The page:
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Blue Apron Holdings Inc.’s three-tiered stock structure could provide a model for other young firms looking to maintain founder control even after going public.
The meal-kit delivery company plans to issue 30 million shares of common stock at $15 to $17 each in its upcoming initial public offering, according to a June 19 regulatory filing. Those shares will each carry one vote while Blue Apron’s chief executive officer and other holders of a second share class get 10 votes each, giving them control of voting outcomes. A third class of stock without voting power is not being sold now but could be later.
Stock structures with unequal voting rights have become more popular in recent years with companies from Facebook Inc. and Fitbit Inc. to GoPro Inc. and Google. Snap Inc., the company behind the Snap Chat messaging app, recently became the first in the U.S. to go public with stock lacking any voting rights. Those shareholders have no say in company matters such as board elections and pay policies.
The flak that Snap got from institutional investors who favor a one-share, one-vote policy likely played into Blue Apron’s thinking.
“I think what you see with Blue Apron will be a lot more typical than what you saw with Snap,” David Berger, a Palo Alto, Calif.-based partner at the law firm Wilson Sonsini Goodrich & Rosati, told Bloomberg BNA. Berger helped Google, now part of Alphabet Inc., with its precedent-setting adoption of non-voting stock a decade after its IPO.
Unlike Google, Blue Apron won’t have to get approval from public shareholders to create no-vote shares. And unlike Facebook, it could avoid a lawsuit from minority shareholders, who took issue with the board’s process for approving a new share class that lets founder Mark Zuckerberg maintain voting control even if he sells most of his stock.
The Council of Institutional Investors’ executive director Ken Bertsch said Blue Apron’s approach is also “slightly better” than Snap’s because initially offering voting shares means it will have to provide more disclosures and hold annual shareholder meetings.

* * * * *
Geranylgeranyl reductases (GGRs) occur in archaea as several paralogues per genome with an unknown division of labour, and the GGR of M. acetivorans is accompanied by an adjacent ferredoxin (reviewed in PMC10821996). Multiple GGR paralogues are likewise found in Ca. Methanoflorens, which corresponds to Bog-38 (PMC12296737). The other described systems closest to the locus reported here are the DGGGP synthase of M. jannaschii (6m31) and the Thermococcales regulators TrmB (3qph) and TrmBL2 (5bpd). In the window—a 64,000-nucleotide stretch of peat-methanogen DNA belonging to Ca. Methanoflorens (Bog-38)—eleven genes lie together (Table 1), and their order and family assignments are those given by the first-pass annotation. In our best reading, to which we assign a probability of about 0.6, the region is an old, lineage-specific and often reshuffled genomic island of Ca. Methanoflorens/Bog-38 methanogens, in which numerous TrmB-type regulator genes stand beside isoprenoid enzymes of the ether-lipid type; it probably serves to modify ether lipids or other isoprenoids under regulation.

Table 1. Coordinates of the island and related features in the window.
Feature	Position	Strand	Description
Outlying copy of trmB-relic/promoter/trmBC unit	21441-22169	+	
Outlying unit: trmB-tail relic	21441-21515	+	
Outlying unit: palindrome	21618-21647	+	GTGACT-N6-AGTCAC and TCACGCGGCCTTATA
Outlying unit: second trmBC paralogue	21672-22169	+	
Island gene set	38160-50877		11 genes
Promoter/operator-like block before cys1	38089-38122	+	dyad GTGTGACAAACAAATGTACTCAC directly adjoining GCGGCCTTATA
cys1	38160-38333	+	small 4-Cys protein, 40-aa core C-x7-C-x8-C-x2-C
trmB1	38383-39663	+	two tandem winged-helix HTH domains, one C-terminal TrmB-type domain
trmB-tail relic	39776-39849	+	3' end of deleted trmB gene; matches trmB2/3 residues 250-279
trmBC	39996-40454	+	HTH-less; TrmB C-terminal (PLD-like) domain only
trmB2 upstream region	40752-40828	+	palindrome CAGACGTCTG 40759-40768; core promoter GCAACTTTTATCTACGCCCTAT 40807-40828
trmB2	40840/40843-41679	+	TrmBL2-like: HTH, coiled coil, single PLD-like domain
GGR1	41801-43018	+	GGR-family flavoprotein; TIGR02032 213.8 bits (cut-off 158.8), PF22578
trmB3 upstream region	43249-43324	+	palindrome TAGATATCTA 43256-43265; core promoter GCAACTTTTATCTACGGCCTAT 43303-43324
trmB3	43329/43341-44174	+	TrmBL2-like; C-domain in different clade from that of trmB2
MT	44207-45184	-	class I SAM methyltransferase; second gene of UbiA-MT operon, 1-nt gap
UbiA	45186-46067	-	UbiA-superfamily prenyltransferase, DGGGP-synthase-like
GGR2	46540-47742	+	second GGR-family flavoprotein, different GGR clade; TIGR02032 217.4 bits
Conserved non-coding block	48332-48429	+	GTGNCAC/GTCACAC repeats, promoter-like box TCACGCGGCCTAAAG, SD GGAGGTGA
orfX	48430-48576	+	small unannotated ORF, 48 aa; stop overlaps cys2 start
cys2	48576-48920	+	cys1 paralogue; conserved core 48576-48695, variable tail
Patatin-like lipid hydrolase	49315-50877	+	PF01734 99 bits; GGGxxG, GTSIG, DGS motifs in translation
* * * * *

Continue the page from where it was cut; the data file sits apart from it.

“Some of our members think that’s quite a significant difference,” Bertsch told Bloomberg BNA. “Others think it’s a difference but not terribly significant.”
Since Snap’s IPO, the council has been appealing to index providers to bar non-voting stock from their benchmarks. S&P Dow Jones Indices is seeking feedback from the investment community on the subject, as are FTSE Russell and MSCI Inc., both of which have put forward proposals to establish a voting power threshold for companies to meet.
The world’s third-largest asset manager doesn’t think index providers should be held responsible for stemming the tide of companies that “marginalize their investors” by issuing shares with unequal voting rights. Profit-seeking stock exchanges that compete for company listings aren’t likely to restrict issuances of no- or limited-voting rights either, State Street Global Advisors said in a recent paper.
“We think there should be some regulatory review of these practices and whether they’re in the best interest of the public investor,” Rakhi Kumar, head of environmental, social, and governance investments and asset stewardship at State Street Global Advisors, told Bloomberg BNA. Kumar spoke out on the importance of equal voting rights earlier this year at a meeting of an advisory committee for the Securities and Exchange Commission.
An SEC spokeswoman declined to comment on what the commission took away from that meeting. It doesn’t seem likely the agency will step in, since its new chairman, Jay Clayton, has been vocal about the need to reverse the decline in the number of publicly traded companies and IPOs in the U.S. Clayton’s first high-level hire at the commission was an attorney who worked on the IPO for Alibaba Group Holding Ltd. and a number of other companies with dual-class stock.
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